To stay fit on a cruise, avoid the pub­lic re­stroom

Weekend Argus (Saturday Edition) - - LIFE -

NEW YORK: Go­ing on a cruise? To cut your risk of get­ting sick while sail­ing the high seas, avoid us­ing the ship’s pub­lic bath­rooms.

Re­searchers have found that only 37 per­cent of 273 ran­domly se­lected pub­lic re­strooms on cruise ships that were checked on 1 546 oc­ca­sions were cleaned at least daily, with the toi­let seat the best cleaned of six eval­u­ated ob­jects.

On 275 oc­ca­sions no ob­jects in a re­stroom were cleaned for at least 24 hours, with baby chang­ing ta­bles found to be the least thor­oughly-cleaned ob­ject.

Re­searcher Pro­fes­sor Philip Car­ling, of Car­ney Hospi­tal in Bos­ton, Mas­sachusetts, says pub­lic toi­let seats and flush de­vices, stall hand­holds and door han­dles, in­ner re­stroom door han­dles, and baby chang­ing ta­bles “on most, but not all, cruise ships” are not be­ing cleaned and dis­in­fected thor­oughly.

“There was a sub­stan­tial po­ten­tial for washed hands to be­come con­tam­i­nated while the passenger was ex­it­ing the re­stroom, given that only 35 per­cent of re­stroom exit knobs or pulls were cleaned daily,” says Car­ling, an in­fec­tion con­trol ex­pert.

“Only dis­in­fec­tion clean­ing by cruise ship staff can rea­son­ably be ex­pected to mit­i­gate th­ese risks.”

He and col­leagues from the Cam­bridge Health Al­liance and Tufts Uni­ver­sity School of Medicine, noted in the jour­nal Clin­i­cal In­fec­tious Dis­eases that lack of dis­in­fec­tion may sig­nif­i­cantly in­crease the risk of ill­ness, par­tic­u­larly for the se­vere di­ar­rhoea and vom­it­ing caused by highly con­ta­gious norovirus.

Car­ling said cruise pas­sen­gers should min­imise pub­lic re­stroom use, wash hands with soap and wa­ter rather than al­co­hol-based hand rubs, and be aware of the dis­ease trans­mis­sion po­ten­tial from all pub­licly touched sur­faces. For the study, Car­ling’s group en­listed 46 health pro­fes­sion­als to check 273 ran­domly se­lected pub­lic re­strooms daily dur­ing cruises be­tween July 2005 and Au­gust 2008.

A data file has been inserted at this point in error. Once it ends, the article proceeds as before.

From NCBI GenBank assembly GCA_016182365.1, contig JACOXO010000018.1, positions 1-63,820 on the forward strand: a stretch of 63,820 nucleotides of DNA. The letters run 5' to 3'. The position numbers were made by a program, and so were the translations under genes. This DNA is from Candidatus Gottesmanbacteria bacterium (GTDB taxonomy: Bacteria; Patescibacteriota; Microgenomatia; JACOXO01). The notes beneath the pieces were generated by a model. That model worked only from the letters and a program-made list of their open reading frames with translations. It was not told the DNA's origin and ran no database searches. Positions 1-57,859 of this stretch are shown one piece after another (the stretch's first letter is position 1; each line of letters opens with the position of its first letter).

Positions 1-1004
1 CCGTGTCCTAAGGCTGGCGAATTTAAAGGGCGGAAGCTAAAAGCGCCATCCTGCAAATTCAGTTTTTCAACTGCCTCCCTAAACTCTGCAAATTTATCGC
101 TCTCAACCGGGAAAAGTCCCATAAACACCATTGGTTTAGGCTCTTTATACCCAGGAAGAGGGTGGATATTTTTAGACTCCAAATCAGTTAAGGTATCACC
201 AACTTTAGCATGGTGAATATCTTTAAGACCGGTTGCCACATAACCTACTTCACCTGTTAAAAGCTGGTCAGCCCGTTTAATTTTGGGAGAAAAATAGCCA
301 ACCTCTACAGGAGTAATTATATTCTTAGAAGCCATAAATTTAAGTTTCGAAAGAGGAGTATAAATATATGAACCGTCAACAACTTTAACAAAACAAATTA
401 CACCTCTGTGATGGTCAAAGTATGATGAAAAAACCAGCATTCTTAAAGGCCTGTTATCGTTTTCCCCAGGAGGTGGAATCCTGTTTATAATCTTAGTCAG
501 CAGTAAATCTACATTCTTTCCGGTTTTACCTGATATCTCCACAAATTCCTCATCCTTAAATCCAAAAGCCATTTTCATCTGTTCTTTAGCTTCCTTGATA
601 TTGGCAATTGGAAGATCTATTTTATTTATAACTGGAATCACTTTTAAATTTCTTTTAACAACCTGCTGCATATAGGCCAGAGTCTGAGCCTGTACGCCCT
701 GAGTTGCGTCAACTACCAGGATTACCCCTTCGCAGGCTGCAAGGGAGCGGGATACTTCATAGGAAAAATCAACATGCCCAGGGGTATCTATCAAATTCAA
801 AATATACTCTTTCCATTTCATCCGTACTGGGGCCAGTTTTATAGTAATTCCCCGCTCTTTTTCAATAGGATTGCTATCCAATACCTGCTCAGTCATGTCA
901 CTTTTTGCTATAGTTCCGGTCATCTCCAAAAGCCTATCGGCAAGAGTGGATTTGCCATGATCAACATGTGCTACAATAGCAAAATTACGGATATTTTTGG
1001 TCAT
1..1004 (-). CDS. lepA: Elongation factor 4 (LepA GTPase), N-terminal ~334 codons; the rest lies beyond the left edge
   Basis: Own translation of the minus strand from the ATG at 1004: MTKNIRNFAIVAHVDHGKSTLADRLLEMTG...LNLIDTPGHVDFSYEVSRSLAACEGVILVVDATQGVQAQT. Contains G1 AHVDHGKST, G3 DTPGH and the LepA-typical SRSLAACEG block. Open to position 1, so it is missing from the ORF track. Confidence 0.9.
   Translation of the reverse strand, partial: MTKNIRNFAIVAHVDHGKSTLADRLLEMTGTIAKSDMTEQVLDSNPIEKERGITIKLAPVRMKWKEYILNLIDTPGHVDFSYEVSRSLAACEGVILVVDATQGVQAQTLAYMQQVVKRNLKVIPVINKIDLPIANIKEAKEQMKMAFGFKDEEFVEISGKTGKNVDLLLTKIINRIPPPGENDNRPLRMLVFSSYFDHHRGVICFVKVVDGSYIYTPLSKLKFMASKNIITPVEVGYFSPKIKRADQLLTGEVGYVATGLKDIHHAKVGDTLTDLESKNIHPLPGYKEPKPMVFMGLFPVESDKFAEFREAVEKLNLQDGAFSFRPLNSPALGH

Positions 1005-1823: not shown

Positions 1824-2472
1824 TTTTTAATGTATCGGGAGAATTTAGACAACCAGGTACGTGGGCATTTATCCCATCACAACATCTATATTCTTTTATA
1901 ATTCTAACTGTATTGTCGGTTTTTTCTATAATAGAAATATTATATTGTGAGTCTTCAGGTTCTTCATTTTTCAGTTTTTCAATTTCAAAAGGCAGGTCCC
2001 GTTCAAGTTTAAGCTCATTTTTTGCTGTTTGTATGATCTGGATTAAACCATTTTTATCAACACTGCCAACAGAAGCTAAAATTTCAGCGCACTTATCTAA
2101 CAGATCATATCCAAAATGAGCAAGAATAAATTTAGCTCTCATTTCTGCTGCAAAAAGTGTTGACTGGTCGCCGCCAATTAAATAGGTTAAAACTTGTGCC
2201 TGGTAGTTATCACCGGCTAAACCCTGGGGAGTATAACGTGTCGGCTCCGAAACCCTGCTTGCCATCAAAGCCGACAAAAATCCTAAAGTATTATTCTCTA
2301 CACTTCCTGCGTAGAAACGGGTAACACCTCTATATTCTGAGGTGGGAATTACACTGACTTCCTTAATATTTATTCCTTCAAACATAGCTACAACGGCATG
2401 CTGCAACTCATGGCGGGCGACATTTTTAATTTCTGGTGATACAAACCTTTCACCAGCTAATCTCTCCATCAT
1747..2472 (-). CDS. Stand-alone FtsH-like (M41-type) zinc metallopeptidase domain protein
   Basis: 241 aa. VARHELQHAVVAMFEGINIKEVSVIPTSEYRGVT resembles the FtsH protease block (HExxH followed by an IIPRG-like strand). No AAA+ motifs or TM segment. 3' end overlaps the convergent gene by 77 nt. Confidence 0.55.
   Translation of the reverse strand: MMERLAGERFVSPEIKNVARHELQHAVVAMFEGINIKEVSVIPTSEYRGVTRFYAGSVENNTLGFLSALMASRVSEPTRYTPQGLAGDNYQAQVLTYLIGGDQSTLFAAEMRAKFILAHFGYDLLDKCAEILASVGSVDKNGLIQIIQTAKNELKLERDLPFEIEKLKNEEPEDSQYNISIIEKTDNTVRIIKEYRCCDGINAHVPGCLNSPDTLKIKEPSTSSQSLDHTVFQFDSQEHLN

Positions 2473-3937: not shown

Most of the ships orig­i­nated from US ports and 82 per­cent from the five largest cruise lines.

Armed with hand­held ul­tra­vi­o­let lights to pick up flu­o­res­cent traces of a trans­par­ent but eas­ily clean­able so­lu­tion they had pre­vi­ously sprayed on sur­faces, the clean­ing spies iden­ti­fied sur­faces left un­cleaned for 24 hours.

Toi­let seats were the best-cleaned ob­jects. Of the 2 010 toi­let seats eval­u­ated, 50 per­cent had been cleaned. They found 42 per­cent of toi­let flush de­vices, 37 per­cent of toi­let stall doors and 31 per­cent of stall hand­hold bars had been cleaned.

Only 35 per­cent of in­te­rior bath­room door han­dles and 29 per­cent of baby chang­ing ta­bles had been cleaned.

Post-out­break clean­ing and dis­in­fec­tion prac­tices on cruise ships, al­though im­por­tant, are not enough, the re­searchers say. In­creased ef­forts to pre­vent out­breaks with bet­ter dis­in­fec­tion prac­tices are clearly needed. – Reuters

IN­SPEC­TION FAILED: On 275 oc­ca­sions, no ob­jects in a re­stroom on a cruise ship un­der scru­tiny were cleaned for at least 24 hours, with baby chang­ing ta­bles found to be the least thor­oughly-cleaned ob­ject.

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